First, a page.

What do you Meme?

What do you Meme?

A Meme is a humorous image, video, piece of text, etc., that is copied (often with slight variations) and spread rapidly by online users. They have taken over the internet! We all have seen them and likely sent them a time or two. Have you seen the ones about Architecture? We get a few good laughs in ourselves. Especially the ones about architecture school! Go ahead and Google away “Architecture school memes”. With some of the memes out there, it makes you wonder, if people really know what Architects do or what it takes to be one? You’re about to find out in an 800 word or less blog post!

Architecture School – In order to become a licensed Architect, you must have a professional degree from an accredited university. There are two more traditional paths to achieve this. Path (1): A 4-year Bachelor of Science (or Arts) in Architecture, plus a 2-year Master of Architecture. Path (2): A 5-year Bachelor of Architecture. How you get there can vary. Some may start at a 2-year school then transfer. But, as long as you have a Master of Architecture or Bachelor of Architecture in the end, you are on your way. At PCA we have a diverse group that come from schools like Catholic University, Morgan State, SCAD, Syracuse, UMD, Virginia Tech and a few more.

Intern YearsNCARB is the National Council of Architecture Registration Boards. If you want licensure, you must go through them and their requirements. One of the requirements is “Architecture Experience” hours. Or simply put, intern hours. Now, don’t confuse an Architectural Intern with a college or high school intern that is working for the summer, etc. An architectural Intern is a college educated individual with a professional degree. Some would say they are an entry level architect. Typically, the intern hours work out to be approximately 3 ½ years. But you’re not done yet. It’s a process!

Licensing Exams – The Architecture Registration Examination (ARE) is a grueling series of exams that an individual must go through as their final steps to achieve licensure. Over the years, it has morphed into what it is today. When Cathy Purple Cherry took her licensing exam, she took 8 exams over 4 consecutive 12-hour days. For Alan Cook, it was 9 exams that could be taken in any order. Then it was reduced to 7 exams, and more recently 6. Now, you don’t have forever to take them. NCARB issues you a rolling 5-year clock. All must be completed and passed in that time or they start dropping away and you have to start retaking them. Once you pass them, all that is left is the paperwork to licensure!

 

One of the plus sides to the steps towards licensure is that certain jurisdictions allow these steps to overlap, so be sure to check! For instance, you could start earning your intern hours once you are a junior at a university, and you can take your exams while you are completing your intern hours. However, they all have to be completed to get licensed. So if you pass your exams before your experience hours are done, you have to still complete the hours.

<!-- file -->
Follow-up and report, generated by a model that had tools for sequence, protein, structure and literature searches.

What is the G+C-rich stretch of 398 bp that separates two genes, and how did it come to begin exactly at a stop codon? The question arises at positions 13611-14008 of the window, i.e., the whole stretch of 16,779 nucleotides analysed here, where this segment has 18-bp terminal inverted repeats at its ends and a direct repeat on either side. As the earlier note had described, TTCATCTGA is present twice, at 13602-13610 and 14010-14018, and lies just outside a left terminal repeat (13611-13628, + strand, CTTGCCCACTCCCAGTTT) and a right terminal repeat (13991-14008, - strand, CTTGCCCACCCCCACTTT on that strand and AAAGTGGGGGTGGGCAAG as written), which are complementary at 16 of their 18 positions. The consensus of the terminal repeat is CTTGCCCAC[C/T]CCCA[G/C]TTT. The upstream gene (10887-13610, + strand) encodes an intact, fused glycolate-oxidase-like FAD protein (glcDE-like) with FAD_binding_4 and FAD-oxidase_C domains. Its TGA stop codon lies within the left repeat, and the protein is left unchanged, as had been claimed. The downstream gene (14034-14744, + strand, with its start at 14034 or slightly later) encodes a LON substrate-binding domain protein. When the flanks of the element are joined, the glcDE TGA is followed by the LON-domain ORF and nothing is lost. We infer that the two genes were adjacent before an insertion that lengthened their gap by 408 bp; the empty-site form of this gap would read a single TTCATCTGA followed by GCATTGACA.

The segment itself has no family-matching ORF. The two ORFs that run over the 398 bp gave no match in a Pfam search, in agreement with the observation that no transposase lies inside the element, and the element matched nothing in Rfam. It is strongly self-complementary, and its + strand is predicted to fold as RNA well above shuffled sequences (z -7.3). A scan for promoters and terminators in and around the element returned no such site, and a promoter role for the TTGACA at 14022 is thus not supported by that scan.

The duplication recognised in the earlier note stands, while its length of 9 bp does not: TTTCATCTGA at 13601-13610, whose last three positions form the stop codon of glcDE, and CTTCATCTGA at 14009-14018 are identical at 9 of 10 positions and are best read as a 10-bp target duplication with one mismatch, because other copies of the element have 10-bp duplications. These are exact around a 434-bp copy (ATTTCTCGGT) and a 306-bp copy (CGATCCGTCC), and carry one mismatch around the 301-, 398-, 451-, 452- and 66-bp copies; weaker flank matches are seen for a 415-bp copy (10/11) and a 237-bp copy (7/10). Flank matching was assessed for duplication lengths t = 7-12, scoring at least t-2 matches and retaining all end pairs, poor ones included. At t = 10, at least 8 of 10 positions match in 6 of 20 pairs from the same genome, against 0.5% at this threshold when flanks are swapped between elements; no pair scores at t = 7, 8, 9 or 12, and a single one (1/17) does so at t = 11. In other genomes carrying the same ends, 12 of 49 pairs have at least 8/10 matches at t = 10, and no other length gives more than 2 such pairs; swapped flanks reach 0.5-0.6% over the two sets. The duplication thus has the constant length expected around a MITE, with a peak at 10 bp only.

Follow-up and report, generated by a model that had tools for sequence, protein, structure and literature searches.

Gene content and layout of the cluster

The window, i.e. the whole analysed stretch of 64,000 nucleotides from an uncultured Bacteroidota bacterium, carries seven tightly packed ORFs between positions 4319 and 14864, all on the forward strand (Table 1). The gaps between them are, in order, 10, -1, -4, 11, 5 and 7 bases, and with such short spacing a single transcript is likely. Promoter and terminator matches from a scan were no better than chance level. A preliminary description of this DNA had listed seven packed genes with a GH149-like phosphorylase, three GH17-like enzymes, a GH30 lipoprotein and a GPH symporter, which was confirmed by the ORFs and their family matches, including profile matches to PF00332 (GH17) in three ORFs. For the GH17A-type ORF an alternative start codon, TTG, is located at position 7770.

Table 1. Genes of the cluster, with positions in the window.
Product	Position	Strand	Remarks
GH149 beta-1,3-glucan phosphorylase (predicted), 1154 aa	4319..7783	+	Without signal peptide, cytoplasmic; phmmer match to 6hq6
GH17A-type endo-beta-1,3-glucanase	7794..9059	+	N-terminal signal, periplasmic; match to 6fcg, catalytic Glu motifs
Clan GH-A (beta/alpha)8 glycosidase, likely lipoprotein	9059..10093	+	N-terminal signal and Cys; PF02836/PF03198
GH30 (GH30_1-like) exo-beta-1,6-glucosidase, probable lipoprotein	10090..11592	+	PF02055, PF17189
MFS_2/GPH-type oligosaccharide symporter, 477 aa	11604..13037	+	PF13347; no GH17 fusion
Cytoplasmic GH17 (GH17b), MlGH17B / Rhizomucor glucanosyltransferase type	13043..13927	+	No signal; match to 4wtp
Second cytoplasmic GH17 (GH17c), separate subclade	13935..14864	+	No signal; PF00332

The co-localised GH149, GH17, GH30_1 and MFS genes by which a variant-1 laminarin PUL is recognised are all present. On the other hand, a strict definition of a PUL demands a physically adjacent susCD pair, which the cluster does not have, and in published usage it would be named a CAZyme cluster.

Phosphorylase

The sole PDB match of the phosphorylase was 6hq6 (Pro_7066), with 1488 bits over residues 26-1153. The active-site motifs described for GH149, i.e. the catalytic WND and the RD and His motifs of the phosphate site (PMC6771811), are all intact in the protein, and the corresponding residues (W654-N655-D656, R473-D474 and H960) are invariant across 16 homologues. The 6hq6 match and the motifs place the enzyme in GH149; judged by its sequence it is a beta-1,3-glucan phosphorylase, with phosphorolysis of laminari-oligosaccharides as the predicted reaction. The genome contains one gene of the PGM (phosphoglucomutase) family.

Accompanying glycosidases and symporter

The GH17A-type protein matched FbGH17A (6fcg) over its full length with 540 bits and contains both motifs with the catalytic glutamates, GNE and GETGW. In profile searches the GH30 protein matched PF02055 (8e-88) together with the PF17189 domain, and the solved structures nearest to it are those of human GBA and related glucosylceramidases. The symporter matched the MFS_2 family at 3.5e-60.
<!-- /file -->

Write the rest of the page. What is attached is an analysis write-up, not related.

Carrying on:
People will choose all sorts of architecture to practice. Everything from government work to commercial to residential and even nonprofit. At PCA, you know it’s primarily residential with some Purposeful (non-profit/special needs) and small scale commercial sprinkled in.

At PCA, we believe in giving our staff various professional opportunities. Everyone does a little bit of everything. If you are fresh out of school, we don’t limit you to only doing one task. We challenge you to do more. As your experience grows, you will begin coordinating with the consultants, sitting in client meetings, running your own projects and before you know it, you will be the senior level designer that helps manage younger staff and get into the intricacies of shops drawings, building construction, etc.

PCA works as a team! There are younger staff members and more senior staff members on all projects. This helps keep the cost down for our clients too! If you have ever been in a PCA office, you will notice it’s an open studio environment. This is done intentionally so no one works in silos. This connectivity promotes even more learning. We also take advantage of this strategy with our interiors department. Having our interior designers share the studio allows for an even more cohesive design and integration in terms of furniture, fixtures, finishes, treatments, etc. from the early stages of planning.

Okay, so we’re a little over 800 words. And while people always enjoy a good laugh from the memes, now you know a little bit about the true process behind the Architecture. Don’t believe everything that’s meme’d!

Written by Ashley Marshall, project manager at PCA